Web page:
|System: PSP||Review Rating Legend|
|Dev: Konami||1.0 - 1.9 = Avoid||4.0 - 4.4 = Great|
|Pub: Konami||2.0 - 2.4 = Poor||4.5 - 4.9 = Must Buy|
|Release: Oct. 25, 2007||2.5 - 2.9 = Average||5.0 = The Best|
|Players: 1-2||3.0 - 3.4 = Fair|
|ESRB Rating: Teen||3.5 - 3.9 = Good|
The overall presentation of the game is wonderful. The opening cutscenes are phenomenal. The intro is dark and foreboding. The experience is heightened by the fact that the scene is dubbed in German. The overall effect is powerful and memorable. The visuals are nice, especially for the re-mastered Rondo of Blood. The emulated original Rondo is graphically sketchy, but it is nice to have it to serve as a talisman of your hard work. The new Rondo of Blood looks very polished and modern. Even when I sent the image to a 37 inch LCD screen via the PSP 2001's composite adapter, it still looks quite good. Symphony of the Night looks as good as ever, and the departure in gameplay is a nice change of pace.
The music is very good, and there are a lot of unlockable tracks. Additionally, you can apply unlocked tracks to the stages you have opened to make for a fresh approach when going back to specific levels and opening up the paths and extras you missed on the first play through. All of your favorite Castlevania tunes are here and crisply re-mastered. The sound is great through earbuds and the PSP's tiny speakers, but it sounds even better when you pump it through your television or A/V receiver. The voiceover work is well done if not perfect. You can choose from English or Japanese spoken language. For some reason they left off a German option after teasing us with the opening scene. Of the available options, I prefer the Japanese language setting, but certain scenes are inexplicably not subtitled in English. That includes the opening prologue of Rondo when Death comes to test your strength. Death sounds awesome in Japanese; he doesn't say anything of real importance, but even still, the lack of subtitles is disconcerting.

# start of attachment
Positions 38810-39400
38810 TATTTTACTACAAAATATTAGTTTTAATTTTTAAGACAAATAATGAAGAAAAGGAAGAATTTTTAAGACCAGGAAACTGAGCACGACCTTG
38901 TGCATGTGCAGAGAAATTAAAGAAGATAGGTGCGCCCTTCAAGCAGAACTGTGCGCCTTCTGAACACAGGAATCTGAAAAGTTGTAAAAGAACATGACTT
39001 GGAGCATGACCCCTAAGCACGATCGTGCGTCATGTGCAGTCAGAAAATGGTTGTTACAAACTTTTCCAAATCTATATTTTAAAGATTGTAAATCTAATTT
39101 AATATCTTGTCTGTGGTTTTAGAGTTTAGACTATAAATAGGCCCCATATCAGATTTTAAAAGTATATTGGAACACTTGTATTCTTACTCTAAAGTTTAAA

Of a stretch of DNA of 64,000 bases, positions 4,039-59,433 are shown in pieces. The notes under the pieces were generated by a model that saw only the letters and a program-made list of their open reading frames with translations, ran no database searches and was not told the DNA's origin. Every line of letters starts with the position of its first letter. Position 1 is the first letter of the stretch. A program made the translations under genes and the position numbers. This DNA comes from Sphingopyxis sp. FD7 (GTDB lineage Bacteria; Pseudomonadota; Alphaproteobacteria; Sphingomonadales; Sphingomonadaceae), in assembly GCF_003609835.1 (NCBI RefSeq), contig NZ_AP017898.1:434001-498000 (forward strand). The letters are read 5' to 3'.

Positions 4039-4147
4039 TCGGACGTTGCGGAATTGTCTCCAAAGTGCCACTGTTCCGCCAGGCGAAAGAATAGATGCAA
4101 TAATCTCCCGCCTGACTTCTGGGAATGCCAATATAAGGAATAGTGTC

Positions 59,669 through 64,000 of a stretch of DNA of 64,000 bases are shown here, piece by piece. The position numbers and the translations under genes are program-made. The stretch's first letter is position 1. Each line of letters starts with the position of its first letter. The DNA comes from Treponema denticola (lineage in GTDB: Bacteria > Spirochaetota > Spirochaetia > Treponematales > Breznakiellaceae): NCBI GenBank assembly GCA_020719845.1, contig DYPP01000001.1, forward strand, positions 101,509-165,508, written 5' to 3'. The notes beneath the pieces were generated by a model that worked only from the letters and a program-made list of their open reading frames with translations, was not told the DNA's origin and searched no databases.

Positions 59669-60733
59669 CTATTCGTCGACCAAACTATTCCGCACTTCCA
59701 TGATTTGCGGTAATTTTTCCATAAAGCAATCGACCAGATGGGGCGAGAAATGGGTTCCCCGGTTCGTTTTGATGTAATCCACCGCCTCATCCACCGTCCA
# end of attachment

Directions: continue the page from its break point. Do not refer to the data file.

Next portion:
In addition to the nice graphics and great sound, the box art is fantastic! The game case just exudes quality and beckons you to purchase the goods. When you get it home to fire it up, you'll be pleasantly surprised to see a lovely hand drawn picture of Maria Renard releasing one of her deadly doves. It's a nice touch that acts as a testament to the quality and attention lavished upon the compilation. As if all of this wasn't enough, there is another mode of play to further the experience. I liked Boss Rush Mode because it pits you against the cream of the crop, truly testing your skill. It also times you so you can continually try and best former records. To make Boss Rush Mode even better, the PSP allows you to host or join an Ad Hoc battle against a buddy to see who the real Belmont truly is.
This is an experience that any PSP owner should have. Rondo of Blood is the precursor to Symphony of the Night and tells an interesting story that only a few fortunate souls outside Japan have witnessed. That's one of the reasons this compilation is so good. The inclusion of both games is a natural pairing that fills in the story gaps, and is a must buy for any self-ascribed Castlevania fan. The gameplay is challenging and interesting, the content is varied and encompasses two full games, and the attention to detail is great. This is not a UMD for the casual gamer, this a compilation that will challenge even technical gamers. Despite the sheer torture the game put me through, this is a title and an experience I will always remember.
CCC Freelance Writer